What is rehab counselling in the centre like? Many people realise that they need counselling as part of their treatment for their addiction. They want to get clean and sober (probably through a medically prescribed detox) as comfortably as possible. And to get some rest and relief from all the stress and anxiety that inevitably accompanies the lead up to going into rehab. However, most will recognise that this is not likely to be sufficient to keep them clean and sober for ever. They may already have got clean or sober several times in the past. It is not just about getting clean and sober – it is about staying clean and sober.
Effectiveness of the group therapy
It is important to understand what you are like as a person in order to stay well. How you view things and life’s experiences, and how you cope with the ups and downs of life. In rehab you will also be required to explore your past so that painful experiences can be put behind you. To consider the wrongs and harms you have done so that they can be put right wherever possible. And you will be given the tools – a programme – for you to follow on a daily basis so that you never need to drink or use mood altering substances again.
In most rehabs, the majority of the counselling is done in a group setting. This may be counter intuitive – as you may feel that you need to offload your woes to a counsellor. And explore your individual history and experiences one to one in a confidential setting. Many people go to rehab declaring that they cannot cope with group therapy. Or will not open up in such a setting and need one to ones. However, this is rarely the case when treating addiction. As group therapy is far more effective than one to one sessions, as you will experience if you try it.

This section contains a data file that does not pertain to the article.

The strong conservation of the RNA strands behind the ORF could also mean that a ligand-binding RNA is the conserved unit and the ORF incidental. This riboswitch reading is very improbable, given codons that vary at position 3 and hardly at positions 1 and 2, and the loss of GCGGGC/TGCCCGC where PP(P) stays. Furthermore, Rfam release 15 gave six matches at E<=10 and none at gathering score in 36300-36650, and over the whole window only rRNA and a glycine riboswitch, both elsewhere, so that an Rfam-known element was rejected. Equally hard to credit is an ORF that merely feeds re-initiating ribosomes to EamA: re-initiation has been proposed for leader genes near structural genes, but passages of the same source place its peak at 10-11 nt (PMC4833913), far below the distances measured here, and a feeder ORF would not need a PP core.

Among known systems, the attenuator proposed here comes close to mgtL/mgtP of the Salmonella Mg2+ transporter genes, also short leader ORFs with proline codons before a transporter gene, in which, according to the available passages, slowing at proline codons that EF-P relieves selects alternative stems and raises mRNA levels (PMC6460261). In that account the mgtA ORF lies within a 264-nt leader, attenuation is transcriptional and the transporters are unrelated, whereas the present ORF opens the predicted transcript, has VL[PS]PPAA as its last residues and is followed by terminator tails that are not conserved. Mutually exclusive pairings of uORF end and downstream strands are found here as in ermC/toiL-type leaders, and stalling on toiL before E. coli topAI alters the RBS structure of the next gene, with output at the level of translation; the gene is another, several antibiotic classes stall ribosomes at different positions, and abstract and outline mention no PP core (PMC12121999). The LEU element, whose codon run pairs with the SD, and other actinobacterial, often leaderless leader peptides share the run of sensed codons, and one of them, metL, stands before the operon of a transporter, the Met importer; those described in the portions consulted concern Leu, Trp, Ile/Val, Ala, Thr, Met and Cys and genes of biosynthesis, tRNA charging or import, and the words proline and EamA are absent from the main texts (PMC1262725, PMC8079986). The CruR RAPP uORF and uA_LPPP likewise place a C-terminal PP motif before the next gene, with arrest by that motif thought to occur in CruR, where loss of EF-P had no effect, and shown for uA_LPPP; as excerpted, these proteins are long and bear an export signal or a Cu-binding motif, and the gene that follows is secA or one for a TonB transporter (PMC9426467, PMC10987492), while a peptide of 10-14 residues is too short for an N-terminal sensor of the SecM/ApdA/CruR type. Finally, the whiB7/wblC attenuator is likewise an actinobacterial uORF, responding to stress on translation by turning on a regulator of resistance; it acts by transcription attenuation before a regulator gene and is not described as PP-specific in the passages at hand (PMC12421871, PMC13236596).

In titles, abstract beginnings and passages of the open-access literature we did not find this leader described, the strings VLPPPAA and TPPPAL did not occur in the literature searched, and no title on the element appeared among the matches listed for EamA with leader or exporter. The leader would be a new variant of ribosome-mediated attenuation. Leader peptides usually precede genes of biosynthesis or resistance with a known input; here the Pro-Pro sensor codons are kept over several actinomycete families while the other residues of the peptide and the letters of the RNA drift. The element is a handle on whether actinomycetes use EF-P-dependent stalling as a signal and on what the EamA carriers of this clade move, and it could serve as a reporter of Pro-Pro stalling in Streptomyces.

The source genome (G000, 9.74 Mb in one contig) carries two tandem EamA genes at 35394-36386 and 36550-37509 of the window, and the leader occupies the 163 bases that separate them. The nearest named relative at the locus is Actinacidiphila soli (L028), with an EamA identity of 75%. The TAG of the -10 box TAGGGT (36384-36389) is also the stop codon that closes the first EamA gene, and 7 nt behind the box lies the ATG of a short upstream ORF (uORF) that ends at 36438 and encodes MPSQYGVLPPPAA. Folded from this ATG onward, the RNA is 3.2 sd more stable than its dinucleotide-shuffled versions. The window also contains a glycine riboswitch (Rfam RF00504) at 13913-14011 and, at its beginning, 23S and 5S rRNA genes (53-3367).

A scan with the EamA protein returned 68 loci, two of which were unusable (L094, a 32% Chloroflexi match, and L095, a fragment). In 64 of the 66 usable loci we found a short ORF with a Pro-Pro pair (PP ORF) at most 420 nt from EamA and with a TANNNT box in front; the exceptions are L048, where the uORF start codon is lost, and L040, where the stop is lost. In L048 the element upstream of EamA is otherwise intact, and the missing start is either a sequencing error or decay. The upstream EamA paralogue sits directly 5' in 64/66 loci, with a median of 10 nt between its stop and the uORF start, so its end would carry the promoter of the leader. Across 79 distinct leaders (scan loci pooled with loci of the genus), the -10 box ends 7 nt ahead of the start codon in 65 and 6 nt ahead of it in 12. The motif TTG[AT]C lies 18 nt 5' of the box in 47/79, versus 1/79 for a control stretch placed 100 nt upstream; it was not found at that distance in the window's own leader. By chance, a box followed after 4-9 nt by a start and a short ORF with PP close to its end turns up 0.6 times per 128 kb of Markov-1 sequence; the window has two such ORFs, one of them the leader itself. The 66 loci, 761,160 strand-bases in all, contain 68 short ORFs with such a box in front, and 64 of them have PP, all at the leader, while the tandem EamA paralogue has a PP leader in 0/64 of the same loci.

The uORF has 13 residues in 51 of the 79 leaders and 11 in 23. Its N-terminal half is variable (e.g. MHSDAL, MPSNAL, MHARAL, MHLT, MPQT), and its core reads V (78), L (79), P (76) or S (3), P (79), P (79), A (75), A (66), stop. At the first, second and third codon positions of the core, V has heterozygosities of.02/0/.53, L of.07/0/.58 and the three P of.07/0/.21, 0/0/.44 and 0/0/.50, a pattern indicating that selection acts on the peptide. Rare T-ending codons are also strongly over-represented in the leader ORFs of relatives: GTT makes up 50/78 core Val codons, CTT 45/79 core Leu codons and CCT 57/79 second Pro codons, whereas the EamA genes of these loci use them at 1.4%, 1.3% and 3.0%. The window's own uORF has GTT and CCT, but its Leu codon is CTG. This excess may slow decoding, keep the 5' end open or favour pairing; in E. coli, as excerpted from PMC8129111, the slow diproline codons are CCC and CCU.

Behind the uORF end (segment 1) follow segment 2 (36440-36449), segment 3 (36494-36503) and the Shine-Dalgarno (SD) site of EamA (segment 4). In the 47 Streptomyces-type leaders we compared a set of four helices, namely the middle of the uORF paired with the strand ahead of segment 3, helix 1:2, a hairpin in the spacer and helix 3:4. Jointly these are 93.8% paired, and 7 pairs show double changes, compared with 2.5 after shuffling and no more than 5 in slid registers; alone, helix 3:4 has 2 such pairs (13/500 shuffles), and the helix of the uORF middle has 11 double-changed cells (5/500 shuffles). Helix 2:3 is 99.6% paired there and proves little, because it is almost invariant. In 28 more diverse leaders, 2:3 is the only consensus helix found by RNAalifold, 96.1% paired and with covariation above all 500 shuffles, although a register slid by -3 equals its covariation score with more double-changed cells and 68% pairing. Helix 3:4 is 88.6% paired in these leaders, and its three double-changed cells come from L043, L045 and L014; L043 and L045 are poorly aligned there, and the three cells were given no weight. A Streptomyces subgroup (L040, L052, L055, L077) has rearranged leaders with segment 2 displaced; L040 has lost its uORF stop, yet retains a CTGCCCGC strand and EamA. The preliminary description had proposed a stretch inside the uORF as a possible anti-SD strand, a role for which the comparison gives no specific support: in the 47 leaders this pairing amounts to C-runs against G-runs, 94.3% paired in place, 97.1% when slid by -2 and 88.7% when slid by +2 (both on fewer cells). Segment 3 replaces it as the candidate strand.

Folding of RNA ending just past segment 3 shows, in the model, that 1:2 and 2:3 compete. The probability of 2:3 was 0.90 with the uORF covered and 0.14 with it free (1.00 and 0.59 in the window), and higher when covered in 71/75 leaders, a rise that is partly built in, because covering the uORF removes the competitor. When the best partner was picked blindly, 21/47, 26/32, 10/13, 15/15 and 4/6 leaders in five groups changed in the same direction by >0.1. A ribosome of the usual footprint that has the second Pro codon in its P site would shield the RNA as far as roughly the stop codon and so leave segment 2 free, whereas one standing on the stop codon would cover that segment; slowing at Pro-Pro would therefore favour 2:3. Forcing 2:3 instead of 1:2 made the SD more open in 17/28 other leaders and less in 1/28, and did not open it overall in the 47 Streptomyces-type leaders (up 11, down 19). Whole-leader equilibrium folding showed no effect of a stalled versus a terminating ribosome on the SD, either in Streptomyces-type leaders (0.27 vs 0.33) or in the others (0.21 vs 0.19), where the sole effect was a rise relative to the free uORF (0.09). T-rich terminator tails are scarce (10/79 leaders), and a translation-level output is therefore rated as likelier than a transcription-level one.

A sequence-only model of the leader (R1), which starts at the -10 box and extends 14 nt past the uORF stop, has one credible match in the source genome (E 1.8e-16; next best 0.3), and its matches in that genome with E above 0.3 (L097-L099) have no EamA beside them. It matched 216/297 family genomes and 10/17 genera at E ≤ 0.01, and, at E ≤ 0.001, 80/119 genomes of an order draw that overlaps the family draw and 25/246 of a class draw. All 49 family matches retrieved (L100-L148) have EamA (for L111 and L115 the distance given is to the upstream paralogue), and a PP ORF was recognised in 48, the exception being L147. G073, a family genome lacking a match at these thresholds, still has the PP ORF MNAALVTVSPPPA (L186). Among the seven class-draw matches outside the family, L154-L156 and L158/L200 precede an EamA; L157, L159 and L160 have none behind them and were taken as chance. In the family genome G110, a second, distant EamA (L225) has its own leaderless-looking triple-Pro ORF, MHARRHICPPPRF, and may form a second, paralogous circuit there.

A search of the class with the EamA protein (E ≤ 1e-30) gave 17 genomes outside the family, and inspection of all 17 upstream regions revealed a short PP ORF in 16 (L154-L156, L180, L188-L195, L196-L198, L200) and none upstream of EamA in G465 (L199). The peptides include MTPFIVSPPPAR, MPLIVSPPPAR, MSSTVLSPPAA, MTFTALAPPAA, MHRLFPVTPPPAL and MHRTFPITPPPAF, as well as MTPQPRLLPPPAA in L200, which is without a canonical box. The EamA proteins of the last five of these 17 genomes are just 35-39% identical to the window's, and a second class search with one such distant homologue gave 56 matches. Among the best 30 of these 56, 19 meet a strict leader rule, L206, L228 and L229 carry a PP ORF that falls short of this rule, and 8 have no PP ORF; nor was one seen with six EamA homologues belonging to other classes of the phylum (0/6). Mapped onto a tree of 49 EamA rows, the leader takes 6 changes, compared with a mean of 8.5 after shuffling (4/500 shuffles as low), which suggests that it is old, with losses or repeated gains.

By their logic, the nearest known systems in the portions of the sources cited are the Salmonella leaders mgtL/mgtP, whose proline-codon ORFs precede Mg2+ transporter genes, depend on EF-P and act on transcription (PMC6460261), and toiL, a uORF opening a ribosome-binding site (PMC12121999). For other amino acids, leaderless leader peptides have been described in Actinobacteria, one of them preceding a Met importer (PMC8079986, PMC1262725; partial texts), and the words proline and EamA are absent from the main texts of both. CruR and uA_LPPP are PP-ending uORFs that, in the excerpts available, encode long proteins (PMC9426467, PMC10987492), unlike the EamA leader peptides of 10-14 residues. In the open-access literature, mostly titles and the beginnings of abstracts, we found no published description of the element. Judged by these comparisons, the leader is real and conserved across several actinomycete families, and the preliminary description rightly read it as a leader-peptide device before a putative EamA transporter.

Benefits of rehab counselling
Alcoholics and addicts gain little from telling a counsellor all about their woes. What is required is a different way of viewing things. So that they no longer are in a victim / blaming / denying the problem mode. The best way to have the scales removed from their eyes is to get them to see that they have contributed to the situation they are in. Through what they have been drinking / using and through their own thinking and behaviour.
In a group setting they hear others describing their experiences and they can identify with them. It is like looking in a mirror and then seeing the other person’s truth. And how it applies to them too. Members of the group point out the flaws in each other’s thinking. And hearing it from fellow addicts is so much more insightful and palatable than having a counsellor attempt this in a one to one setting.
Direct approach of the counsellors
The other important aspect of counselling in a rehab is that it tends to be directive. So the counsellors will not just sit and listen in these group sessions, accepting what they are hearing. But will challenge and point out the flaws and denial. They may come across as quite aggressive and negative when they tell you they do not believe you, e.g. that you only drink the quantity you have owned. Or they will point out that there are two sides to your story. They will help you see this. And they will not hesitate to tell you how you are coming across. Even if it is not a very positive message. That is because they are wanting you to see the truth. They are not concerned with whether you like them or not. Only that you get the message and change.
So if you go to rehab, be prepared to change. Be prepared to listen to counsellors who are more experienced than you in this field. And who will have seen it all and done it before. If you are open and not defensive and are willing to listen, to accept advice and learn, then you will go a long way towards obtaining a happy, fulfilling and lasting recovery.